The red planet Mars, which now brightens the evening sky, also glows on the agenda of prospective Soviet-American space cooperation. ``It's a first step,'' declares William I. Purdy Jr., project manager for the Mars Observer mission at the NASA Jet Propulsion Laboratory. ``If there's going to be mutual cooperation in space,'' he explains, ``you've got to start some place. And some kind of interaction between [the two Mars programs] is kind of a natural.''
A formal arrangement for joint Mars research would be welcomed by the Martian science team at the Pasadena, Calif., facility, which is the main United States center for planetary exploration. Team members consider the US and Soviet Mars programs to be complementary rather than competitive.
Mr. Purdy outlined the possibility for Mars research cooperation during an interview in his JPL office last September. At that time, JPL director Lew Allen was in Moscow for secret discussions with Soviet space planners. Subsequent agreement, in principle, on space cooperation was worked out at the Iceland summit. This has cleared the way for US-Soviet talks in which some kind of joint Mars effort has high priority.
Interest centers on one American and two Soviet missions. In 1988, the Russians plan to send a craft to make a close-up study of Phobos, the largest of the two Martian moons. It will make only a limited and somewhat distant survey of the planet itself. Austria, Britain, France, and Sweden have joined several Eastern bloc countries as participants in this mission.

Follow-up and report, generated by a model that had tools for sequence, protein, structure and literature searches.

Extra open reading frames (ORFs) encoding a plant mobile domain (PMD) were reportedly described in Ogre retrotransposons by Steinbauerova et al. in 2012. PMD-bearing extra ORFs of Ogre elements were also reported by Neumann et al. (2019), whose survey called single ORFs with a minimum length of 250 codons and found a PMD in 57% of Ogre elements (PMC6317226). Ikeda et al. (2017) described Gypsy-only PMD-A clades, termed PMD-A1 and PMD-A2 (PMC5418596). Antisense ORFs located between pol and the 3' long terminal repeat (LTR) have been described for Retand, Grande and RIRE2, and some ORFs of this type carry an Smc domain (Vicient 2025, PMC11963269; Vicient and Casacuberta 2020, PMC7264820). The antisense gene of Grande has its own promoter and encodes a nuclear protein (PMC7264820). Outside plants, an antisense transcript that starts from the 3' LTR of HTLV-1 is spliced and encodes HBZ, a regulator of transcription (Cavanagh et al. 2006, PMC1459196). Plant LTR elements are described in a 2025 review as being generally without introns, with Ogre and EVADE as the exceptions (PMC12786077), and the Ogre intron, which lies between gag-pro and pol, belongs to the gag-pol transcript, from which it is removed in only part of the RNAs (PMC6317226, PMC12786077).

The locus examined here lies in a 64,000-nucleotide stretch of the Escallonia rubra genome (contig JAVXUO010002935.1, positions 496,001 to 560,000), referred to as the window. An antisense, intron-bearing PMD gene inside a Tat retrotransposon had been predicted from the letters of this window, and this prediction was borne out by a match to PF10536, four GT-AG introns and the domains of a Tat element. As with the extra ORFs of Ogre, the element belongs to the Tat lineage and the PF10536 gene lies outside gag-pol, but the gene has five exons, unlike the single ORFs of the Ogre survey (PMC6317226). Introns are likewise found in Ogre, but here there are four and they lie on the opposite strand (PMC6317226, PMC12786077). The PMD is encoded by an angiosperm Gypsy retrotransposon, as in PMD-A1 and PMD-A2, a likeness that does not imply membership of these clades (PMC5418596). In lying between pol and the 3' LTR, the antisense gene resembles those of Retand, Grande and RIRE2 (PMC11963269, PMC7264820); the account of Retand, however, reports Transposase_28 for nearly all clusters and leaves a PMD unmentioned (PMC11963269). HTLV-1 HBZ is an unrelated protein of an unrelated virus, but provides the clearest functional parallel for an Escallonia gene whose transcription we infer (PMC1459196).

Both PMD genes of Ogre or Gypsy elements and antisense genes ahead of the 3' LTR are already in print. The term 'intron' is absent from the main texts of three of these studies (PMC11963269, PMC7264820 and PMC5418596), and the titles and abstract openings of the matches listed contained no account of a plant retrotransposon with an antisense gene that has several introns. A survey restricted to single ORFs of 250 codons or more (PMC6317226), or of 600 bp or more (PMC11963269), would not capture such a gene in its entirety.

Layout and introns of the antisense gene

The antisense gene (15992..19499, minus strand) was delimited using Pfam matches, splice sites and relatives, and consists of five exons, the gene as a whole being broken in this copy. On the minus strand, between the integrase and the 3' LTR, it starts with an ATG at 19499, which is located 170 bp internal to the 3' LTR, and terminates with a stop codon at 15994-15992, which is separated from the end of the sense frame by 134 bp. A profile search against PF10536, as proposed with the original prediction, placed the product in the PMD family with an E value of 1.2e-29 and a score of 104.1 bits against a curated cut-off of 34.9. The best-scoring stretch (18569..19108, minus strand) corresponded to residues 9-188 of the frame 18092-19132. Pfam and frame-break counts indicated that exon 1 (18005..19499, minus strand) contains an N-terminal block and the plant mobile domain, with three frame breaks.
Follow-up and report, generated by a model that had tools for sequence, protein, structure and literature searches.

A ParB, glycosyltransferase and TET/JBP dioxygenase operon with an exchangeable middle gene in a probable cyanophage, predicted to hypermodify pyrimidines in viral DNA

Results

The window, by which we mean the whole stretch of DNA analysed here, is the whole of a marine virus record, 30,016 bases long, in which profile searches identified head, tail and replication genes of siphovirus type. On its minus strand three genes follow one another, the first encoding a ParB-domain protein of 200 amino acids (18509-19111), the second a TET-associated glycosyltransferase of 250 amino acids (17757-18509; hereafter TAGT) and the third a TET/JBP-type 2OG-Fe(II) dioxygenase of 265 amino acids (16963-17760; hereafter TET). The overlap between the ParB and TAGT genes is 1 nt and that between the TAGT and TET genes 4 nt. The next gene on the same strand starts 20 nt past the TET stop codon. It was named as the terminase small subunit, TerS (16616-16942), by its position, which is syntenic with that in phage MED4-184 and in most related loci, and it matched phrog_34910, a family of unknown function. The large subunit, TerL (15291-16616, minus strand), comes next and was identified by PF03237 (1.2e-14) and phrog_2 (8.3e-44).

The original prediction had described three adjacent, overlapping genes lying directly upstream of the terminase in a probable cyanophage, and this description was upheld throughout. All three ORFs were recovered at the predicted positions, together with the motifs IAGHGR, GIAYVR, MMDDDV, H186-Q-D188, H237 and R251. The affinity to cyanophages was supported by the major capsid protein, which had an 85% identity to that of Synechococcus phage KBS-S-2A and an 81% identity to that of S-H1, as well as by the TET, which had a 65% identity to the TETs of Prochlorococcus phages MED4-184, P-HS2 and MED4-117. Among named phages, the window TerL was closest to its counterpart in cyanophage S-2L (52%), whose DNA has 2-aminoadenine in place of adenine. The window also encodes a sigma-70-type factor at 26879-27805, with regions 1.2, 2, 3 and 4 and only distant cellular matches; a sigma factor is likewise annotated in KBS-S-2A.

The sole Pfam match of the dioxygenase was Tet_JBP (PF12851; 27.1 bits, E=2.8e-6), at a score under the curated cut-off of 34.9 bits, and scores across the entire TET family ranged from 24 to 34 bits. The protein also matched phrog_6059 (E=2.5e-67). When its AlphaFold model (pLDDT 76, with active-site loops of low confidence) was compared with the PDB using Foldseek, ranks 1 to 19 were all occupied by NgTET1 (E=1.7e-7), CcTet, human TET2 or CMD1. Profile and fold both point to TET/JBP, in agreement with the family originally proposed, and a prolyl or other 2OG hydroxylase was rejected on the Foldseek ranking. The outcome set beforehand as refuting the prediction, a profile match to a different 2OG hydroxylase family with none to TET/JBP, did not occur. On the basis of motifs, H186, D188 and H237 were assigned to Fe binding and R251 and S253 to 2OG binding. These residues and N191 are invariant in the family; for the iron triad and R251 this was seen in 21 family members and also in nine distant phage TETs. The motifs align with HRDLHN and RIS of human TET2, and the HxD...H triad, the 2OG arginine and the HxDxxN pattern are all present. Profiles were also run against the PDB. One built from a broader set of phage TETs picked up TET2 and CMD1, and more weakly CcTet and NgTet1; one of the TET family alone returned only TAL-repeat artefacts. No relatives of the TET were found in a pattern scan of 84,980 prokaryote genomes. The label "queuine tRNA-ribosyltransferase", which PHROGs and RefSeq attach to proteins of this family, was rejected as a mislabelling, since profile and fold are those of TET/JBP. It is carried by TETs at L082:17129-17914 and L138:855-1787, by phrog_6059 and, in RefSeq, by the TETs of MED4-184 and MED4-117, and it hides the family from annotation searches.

Later, during the first half of the next decade, the Soviets plan to send two spacecraft to make a more detailed study of Mars. Called Vesta, this project, as now discussed, would probably send balloons into the atmosphere and landers to the surface, as well as survey the surface from orbit. It also is to release a French comet/asteroid probe that will carry out an independent study of such objects.
Meanwhile, NASA should have launched the Mars Observer mission. It is to orbit the red planet for a full Martian year (two Earth years) to study Martian weather and climate. It will be an extensive close-in survey to complement the work of the earlier NASA Viking mission. That mission placed two landers on the Martian surface a decade ago. Purdy's team is preparing for a 1990 launch, although NASA's schedule now calls for it in 1992.
Purdy says it would be pretty easy for NASA and the Soviets to coordinate their Mars activities. That would primarily involve data exchanges. Right now, he explains, ``there isn't any forum for doing that kind of thing.'' But, he adds, ``there's still plenty of time to do something like that.'' Establishing a free-flowing mechanism for data exchanges would be an early payoff of Soviet-American space cooperation.
One effect of US-Soviet cooperation involving a planet mission could be to make NASA reconsider launching Mars Observer in 1990. Purdy and his team would like to stick with that time frame.
He explains that waiting until 1992 is not very appetizing. The Soviet Phobos mission would be history. Vesta might then overshadow Mars Observer. Also, it could be too late for Observer data to help Vesta planners.
In 1990, Purdy says, ``we have a mission that's every bit as attractive as their '88 mission. We're looking at different things. We're zeroing in on the planet itself.''